1. We lived under an anti-sexual Christianity for centuries. The anti-sexual aspect was clearly a reaction to the excesses of pagan Rome but only further separated sex and love. The values of the monastic movement, of monks and nuns, were seeded into European culture. Even the way we danced or whether rhythm was part of music was part of this further division of mind from body that had begun under Romanization, albeit a more sex-positive pagan culture.

      Re-integrating our sexuality into full consciousness has been going on since the end of the 19th century. The trend toward romantic love, begun with Tristan and Iseult, reached full flower under Hollywood. That broke down in the sixties as marriages based on a pseudo-cure, romantic love, failed to deliver harmony and meaning in the family.

      The problem is one of lack of development of the feeling function. We are still a culture dominated by thought organized into ideologies because of that Roman-imposed mind-body split. Feeling is denigrated and confused with emotion.

      So sexuality continues to be expressed in its crudest terms, cut adrift from the greater psyche without subordination to feeling. Hence, pornographic. Exactly why lust was considered a cardinal sin.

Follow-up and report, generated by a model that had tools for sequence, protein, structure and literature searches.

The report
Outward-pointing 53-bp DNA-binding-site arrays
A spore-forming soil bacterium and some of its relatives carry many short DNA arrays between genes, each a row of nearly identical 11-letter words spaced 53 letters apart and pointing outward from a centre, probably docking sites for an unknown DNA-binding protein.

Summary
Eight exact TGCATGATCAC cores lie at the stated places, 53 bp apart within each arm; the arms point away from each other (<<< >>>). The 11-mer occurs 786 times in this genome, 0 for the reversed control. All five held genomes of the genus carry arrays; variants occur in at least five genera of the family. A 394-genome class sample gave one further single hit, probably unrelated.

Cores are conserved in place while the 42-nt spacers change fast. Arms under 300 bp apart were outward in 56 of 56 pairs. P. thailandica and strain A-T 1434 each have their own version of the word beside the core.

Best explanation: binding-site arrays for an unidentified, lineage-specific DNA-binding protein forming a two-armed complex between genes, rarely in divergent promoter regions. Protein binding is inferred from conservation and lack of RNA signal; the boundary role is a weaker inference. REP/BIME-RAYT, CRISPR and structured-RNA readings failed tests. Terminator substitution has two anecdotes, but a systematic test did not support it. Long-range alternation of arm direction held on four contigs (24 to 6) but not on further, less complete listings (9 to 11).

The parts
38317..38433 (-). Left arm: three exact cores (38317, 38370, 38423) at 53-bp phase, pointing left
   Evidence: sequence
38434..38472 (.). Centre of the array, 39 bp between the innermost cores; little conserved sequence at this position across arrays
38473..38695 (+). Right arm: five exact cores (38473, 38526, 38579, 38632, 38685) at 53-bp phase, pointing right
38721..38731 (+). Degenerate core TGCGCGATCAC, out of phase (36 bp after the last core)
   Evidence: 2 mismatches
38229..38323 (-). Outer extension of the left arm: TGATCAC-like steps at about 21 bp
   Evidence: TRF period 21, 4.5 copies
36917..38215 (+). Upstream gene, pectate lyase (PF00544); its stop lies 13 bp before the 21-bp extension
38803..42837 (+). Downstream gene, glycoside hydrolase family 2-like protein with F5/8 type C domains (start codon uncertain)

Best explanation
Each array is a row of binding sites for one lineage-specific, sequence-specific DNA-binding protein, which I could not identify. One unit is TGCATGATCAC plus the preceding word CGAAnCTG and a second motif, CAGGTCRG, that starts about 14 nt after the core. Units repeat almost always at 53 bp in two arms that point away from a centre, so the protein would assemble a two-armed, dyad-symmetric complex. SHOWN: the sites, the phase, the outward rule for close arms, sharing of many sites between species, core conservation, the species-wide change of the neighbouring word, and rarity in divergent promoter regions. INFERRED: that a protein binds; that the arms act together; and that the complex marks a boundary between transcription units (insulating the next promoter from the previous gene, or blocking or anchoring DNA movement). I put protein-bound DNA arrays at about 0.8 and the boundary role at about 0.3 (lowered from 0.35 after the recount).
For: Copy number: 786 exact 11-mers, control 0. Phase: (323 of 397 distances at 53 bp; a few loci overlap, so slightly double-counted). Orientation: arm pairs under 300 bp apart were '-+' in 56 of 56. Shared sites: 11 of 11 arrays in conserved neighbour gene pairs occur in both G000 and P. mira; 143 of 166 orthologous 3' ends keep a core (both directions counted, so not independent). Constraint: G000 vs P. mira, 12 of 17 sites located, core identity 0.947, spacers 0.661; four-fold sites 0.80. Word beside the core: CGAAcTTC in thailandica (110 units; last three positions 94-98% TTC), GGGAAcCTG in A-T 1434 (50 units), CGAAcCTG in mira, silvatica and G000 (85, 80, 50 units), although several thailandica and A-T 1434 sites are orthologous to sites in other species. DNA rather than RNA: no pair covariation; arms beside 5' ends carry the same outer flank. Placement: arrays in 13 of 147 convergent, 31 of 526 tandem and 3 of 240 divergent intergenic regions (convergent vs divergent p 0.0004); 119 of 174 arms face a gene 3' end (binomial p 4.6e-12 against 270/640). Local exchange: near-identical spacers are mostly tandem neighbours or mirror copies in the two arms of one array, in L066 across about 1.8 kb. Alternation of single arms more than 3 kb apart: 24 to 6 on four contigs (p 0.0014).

Differentiated feeling is the function that helps subjects relate to other subjects, whereas thought tends to be simply analytical and about object-to-object relations. So, we need to learn to feel as much as we ever needed to learn to think.

      Instead the movement to subordinate the psyche to thought has helped objectify humanity itself with its reductionism and materialism.

    2. The ‘greater male variability’ *myth* is dealt with by Cordelia Fine in her book ‘Delusions of Gender’.

      Madonna exploited the patriarchal construction of sexuality. Of course women will do what they can to succeed under patriarchy. The structure put her at a disadvantage along with all other women, then she was able to find a way to thrive within it but arguably only at the expense of other women who didn’t care to follow.

      (Oh and I have not one shred of respect for Camille Paglia. Why does the opinion of a hack mean anything? Are you suggesting that because a woman supports your opinion we should listen to her?)

  4. “Women will do what they can do to succeed under patriarchy” ?

    Really? Morality, sympathy, empathy are characteristics that Madonna had to forego in order to “succeed”? “Succeed” at what exactly?

    Sounds like the women have no flaws, as in Gloria Steinem’s famous dictum, “women are good and if a women is not good, it is because she has been hurt by a man”, as if women had no innate capability to do good and evil. That happens to be one of the most sexist comments ever made, against women, by the way, not men.